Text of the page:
A child with a disability just came to my kids’ yoga class! Now what?

As kids’ yoga teachers, we love the idea of harmony and inclusion, don’t we? And yet, if we are deeply honest, we can have a little fear in our hearts when it comes to including kids with disabilities or special needs in our kids’ yoga classes. 

Like most of our fears, this is rooted in the unknown or lack of control. However, with the right attitude and a few adjustments, kids with disabilities can be as much a part of your group as anyone!

Here are some tips to get you started:

  1. Kids with disabilities or special needs are KIDS first! This means they are more like other kids than they are different. They will (most likely) like to play, sing, make friends, have fun. When we see the commonalities, they outshine the differences.

  2. Keep an open line of communication. Kids with disabilities and their parents and caregivers (i.e. teachers, assistants, 1:1 workers) are great resources! Ask a lot of questions. Find out what supports this child in their life off the mat and look for ways to include those same strategies in the yoga class. Don’t be afraid to admit you’re new to working with a certain condition or need. Be curious and open to learning.

  3. Remember that every child is unique! Just because you’ve worked with other kids with autism or Down syndrome (or other diagnosis) doesn’t mean you know everything you need to know about THIS child. Sometimes we have stereotypes about certain kinds of disabilities (i.e. kids with Down syndrome are always happy). These stereotypes can stop us from getting to know each kid as an individual. 

  4. Be persistent. If one method doesn’t reach a child, continue to use your creativity until you can connect with your student. Some kids will benefit from being taught auditorily, Some will benefit from visual demonstration. Some will need physical help to learn, i.e. being guided into a pose with assistance. (Always obtain the child’s permission/consent for physical assistance. Use proper COVID protocols currently.) Most of us learn with a combination of styles.

  5. Watch how the typically developing students interact with the child with special needs. Sometimes our students are our best teachers! Observe what makes your student laugh, engage, and listen as well as withdraw or disengage.

  6. Avoid deciding what your student with a disability can and can’t do. Give them the same directives you give other kids, then provide additional support as needed. Maybe a student with Cerebral Palsy or motor planning challenges will need an assistant to help them spread their arms wide in Warrior 2. Maybe a child with autism or who is Deaf will benefit from looking at a pose card.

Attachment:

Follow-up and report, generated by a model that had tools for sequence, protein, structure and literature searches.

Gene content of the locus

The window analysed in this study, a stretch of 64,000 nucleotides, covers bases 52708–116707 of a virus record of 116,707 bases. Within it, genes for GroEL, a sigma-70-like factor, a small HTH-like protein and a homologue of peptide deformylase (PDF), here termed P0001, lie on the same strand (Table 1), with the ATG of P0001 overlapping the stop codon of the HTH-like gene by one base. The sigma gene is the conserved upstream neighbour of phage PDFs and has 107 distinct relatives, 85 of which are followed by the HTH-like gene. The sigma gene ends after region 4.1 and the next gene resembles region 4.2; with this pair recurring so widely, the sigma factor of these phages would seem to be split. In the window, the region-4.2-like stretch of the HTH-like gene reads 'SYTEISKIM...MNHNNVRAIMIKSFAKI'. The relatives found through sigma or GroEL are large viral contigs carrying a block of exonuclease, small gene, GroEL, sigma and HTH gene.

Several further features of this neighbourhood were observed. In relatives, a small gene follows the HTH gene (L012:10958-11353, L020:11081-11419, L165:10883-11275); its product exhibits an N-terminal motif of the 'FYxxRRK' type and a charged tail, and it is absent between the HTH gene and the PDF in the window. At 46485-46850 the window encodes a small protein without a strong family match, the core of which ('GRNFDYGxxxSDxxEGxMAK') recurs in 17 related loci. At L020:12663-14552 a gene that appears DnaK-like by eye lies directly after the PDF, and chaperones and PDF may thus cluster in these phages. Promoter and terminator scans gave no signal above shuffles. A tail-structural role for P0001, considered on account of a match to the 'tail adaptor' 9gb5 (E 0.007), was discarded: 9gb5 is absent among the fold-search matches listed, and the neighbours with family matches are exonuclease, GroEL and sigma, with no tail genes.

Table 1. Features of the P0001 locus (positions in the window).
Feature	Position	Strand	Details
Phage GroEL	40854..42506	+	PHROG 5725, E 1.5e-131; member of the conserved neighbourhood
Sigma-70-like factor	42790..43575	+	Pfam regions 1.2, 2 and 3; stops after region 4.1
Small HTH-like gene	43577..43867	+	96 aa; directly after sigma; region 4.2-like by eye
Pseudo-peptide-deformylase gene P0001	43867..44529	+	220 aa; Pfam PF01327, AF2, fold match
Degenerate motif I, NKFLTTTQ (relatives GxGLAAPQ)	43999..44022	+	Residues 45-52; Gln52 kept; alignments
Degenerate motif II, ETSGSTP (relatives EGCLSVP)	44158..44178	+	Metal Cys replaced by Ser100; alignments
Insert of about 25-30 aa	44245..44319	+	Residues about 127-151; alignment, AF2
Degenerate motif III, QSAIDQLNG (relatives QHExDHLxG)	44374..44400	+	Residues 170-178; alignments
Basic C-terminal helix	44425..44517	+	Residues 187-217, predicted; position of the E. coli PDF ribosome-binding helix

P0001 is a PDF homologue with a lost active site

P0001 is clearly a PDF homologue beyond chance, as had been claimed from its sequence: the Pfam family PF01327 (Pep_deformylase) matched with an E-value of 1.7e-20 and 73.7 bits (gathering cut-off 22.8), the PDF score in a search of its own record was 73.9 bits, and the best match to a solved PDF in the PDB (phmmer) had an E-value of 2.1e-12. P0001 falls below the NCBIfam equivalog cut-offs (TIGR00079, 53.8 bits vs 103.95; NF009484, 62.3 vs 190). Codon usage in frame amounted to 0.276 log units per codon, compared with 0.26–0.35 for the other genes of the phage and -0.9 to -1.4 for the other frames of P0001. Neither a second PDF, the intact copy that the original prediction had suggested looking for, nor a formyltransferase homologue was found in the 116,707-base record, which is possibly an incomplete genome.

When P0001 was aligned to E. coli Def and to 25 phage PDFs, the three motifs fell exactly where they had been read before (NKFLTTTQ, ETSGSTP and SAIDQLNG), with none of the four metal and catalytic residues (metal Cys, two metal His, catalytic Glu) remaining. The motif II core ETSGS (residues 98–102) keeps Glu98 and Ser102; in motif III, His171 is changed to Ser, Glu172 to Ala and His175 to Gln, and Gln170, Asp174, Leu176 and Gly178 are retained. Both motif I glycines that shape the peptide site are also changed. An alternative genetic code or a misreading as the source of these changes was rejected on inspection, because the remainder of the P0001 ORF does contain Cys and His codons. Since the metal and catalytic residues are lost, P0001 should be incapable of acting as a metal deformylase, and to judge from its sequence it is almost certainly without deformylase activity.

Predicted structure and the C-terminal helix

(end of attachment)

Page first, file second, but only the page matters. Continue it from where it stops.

7. Invest in your own learning. There is so much good stuff out there on how to work with kids with disabilities and special needs in yoga. We love Louise Goldberg’s Yoga Therapy for Children with Autism and Special Needs) and Shawnee Thornton Hardy’s Asanas for Autism and Special Needs and amazing prop kit. Organizations like Mind Body Solutions (Matthew Sanford) and Accessible Yoga (Jivana Heyman) are doing important work to make the yoga mat more inclusive. And Next Generation Yoga has its very own program, designed for the intersection of inclusive yoga and kids yoga: Yoga + Mindfulness for Disabilities + Differences. We hope you will join us for our upcoming training. As you learn, you become part of the movement to make kids yoga inclusive for all kids!

  8. Remember, it’s always yoga practice, never yoga perfect. Some days we will feel awesome about the way we teach our kids. Other days, it will feel like a swing and a miss. This is normal to feel when teaching kids with disabilities, too. Sometimes you’ll try something and it isn’t quite right. But don’t give up! Trust your training as a teacher, trust your intuition, trust your heart for all kids, and trust that the connection with your students IS there. We belong to each other, and yoga reminds us this is true.*


*This article originally appeared on the Accessible Yoga blog http://accessibleyoga.blogspot.com/search?q=Sarah+Henderson



Meet NGY Director of Curriculum & Communication, Sarah Henderson

Sarah Henderson personifies the Next Generation Yoga philosophy with her big heart, youthful spirit and fun, creative nature. She authors new NGY Lesson Plans and keeps us all up to date on the latest and greatest in the world of Kids Yoga as our social media guru. Sarah is passionate about teaching kids of all ages and abilities to connect with themselves and others through movement and meditation. Learn more about Sarah here!


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